Hayley Brooks & Ali Kokot | Searching for serendipity
Think Twice | Facebook’s new search engine, Graph Search, knows that Hayley likes quinoa
February 26, 2013, 10:39 pm·
Ali Kokot & Hayley Brooks
We were searching for a new best friend to help us write the column (Think Thrice?) through the new Facebook Graph Search feature. Landing on a brunette over 5-foot-7 who loves baby animals, “The Book of Mormon” and cheese plates, we figured we had found our perfect match. Right?
Possibly. But we’re going about it the wrong way. Facebook’s new Graph Search will change the very verbs we use to talk about finding friends. Facebook CEO Mark Zuckerberg calls graph searches “recruiting.”
Really, we’ve been reduced to recruiting friends? On-campus recruiting is over, guys.
This new search engine within the interwebs of the social network, a feature Facebook has been rolling out through a waitlist system since January, will allow users to find friends through various keywords — some serious and some ridiculous.
Every search will sort through the entire history — conversations, comments, likes — and network of that Facebooker and will regurgitate corresponding results. A search could be anything from “My friends’ favorite restaurants in New York City” to “What are my friends doing for Spring Break?” We could even look at “People who like quinoa,” which would create a list of one’s friends, and potentially friends of friends (and so on) that also enjoy the most magical, carbiest protein on Earth.
Ali would not be on said list.
An already viral Tumblr, “Actual Facebook Graph Searches,” has highlighted some questionable queries including “Mothers of Jews Who Like Bacon” and “Married People Who Like Prostitutes.”
Now, technically, Facebook isn’t revealing anything about you that you haven’t already disclosed to your social network. But if some creepy guy who lives in his mom’s basement searches for single women in Philadelphia, and you identify as such on Facebook, you could hypothetically make this dude’s list.
You should probably change your privacy settings immediately. Like, right now. We’ll wait.
Aside from its ability to provide these results, Graph Search is smart. It speaks our language. According to The Wall Street Journal, the engine knows that “besties” and “homies” are our closest friends, “randos” are just friends of friends of friends and by taking verbs, synonyms and grammar into account, we can find other “students” 275,000 different ways.
So while Graph Search is cool, efficient and novel, it also makes us worry about what’s happening to our so-called friendships.
It’s on us to use this tool appropriately.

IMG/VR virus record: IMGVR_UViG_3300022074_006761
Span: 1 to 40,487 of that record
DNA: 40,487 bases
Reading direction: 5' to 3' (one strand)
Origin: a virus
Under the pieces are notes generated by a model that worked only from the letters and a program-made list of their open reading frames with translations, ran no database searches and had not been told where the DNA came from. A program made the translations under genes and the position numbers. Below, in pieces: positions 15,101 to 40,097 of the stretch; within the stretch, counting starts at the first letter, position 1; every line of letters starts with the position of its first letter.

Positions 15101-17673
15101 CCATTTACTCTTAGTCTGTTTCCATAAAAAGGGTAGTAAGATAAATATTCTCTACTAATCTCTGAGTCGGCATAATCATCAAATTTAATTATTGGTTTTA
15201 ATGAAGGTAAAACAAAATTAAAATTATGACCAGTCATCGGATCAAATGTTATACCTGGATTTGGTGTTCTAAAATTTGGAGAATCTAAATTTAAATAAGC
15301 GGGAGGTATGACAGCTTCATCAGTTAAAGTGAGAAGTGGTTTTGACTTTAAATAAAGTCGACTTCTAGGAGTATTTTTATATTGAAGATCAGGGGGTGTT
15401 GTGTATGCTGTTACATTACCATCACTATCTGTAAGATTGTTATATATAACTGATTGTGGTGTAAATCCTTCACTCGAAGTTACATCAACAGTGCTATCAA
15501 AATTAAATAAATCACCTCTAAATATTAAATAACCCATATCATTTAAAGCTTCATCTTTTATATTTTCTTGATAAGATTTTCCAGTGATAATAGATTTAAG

Graph Search has taken the “making” out of friend-making, and this instant gratification can’t compete with the rewards of taking the time to really get to know someone. Will there come a day when we can no longer enjoy the process of unearthing our quirky common interests — like quinoa — because Facebook will have already detected them for us?
The quest of discovering others defines the human experience, and when we cut out the journey and skip to the destination, our lives will become real boring real fast. It’s exciting to stumble upon shared traits with others, while looking it up in a search query is so deliberate and so lame.
Are we heading to a future where a blind date greets you at the door with your favorite flowers while serenading you with your favorite song before taking you to your number one dinner spot?
Romantic or creepy? We’re still not sure.
Facebook’s Graph Search is but one addition to the rising trend of eliminating conversation and interpersonal contact. As busy Penn students, we all try to cut the unnecessary out of our days, but we’re making a big mistake when we devalue taking the time to get to know someone — whether as friends or more. This slow, organic process is what builds the lasting bonds of true love and friendship. Everybody knows that.
We may not be the most technologically literate, but we’d rather make friends — really make them — than passively search our way to discovering our besties.
Sorry Zuck, but no software will replace the joys of serendipity.
Ali Kokot and Hayley Brooks are College juniors from New York, N.Y. and Ft. Lauderdale, F.L. respectively. You can email them at firstname.lastname@example.org or follow them at @haybethbrooks and @alikokot. “Think Twice” appears every Wednesday.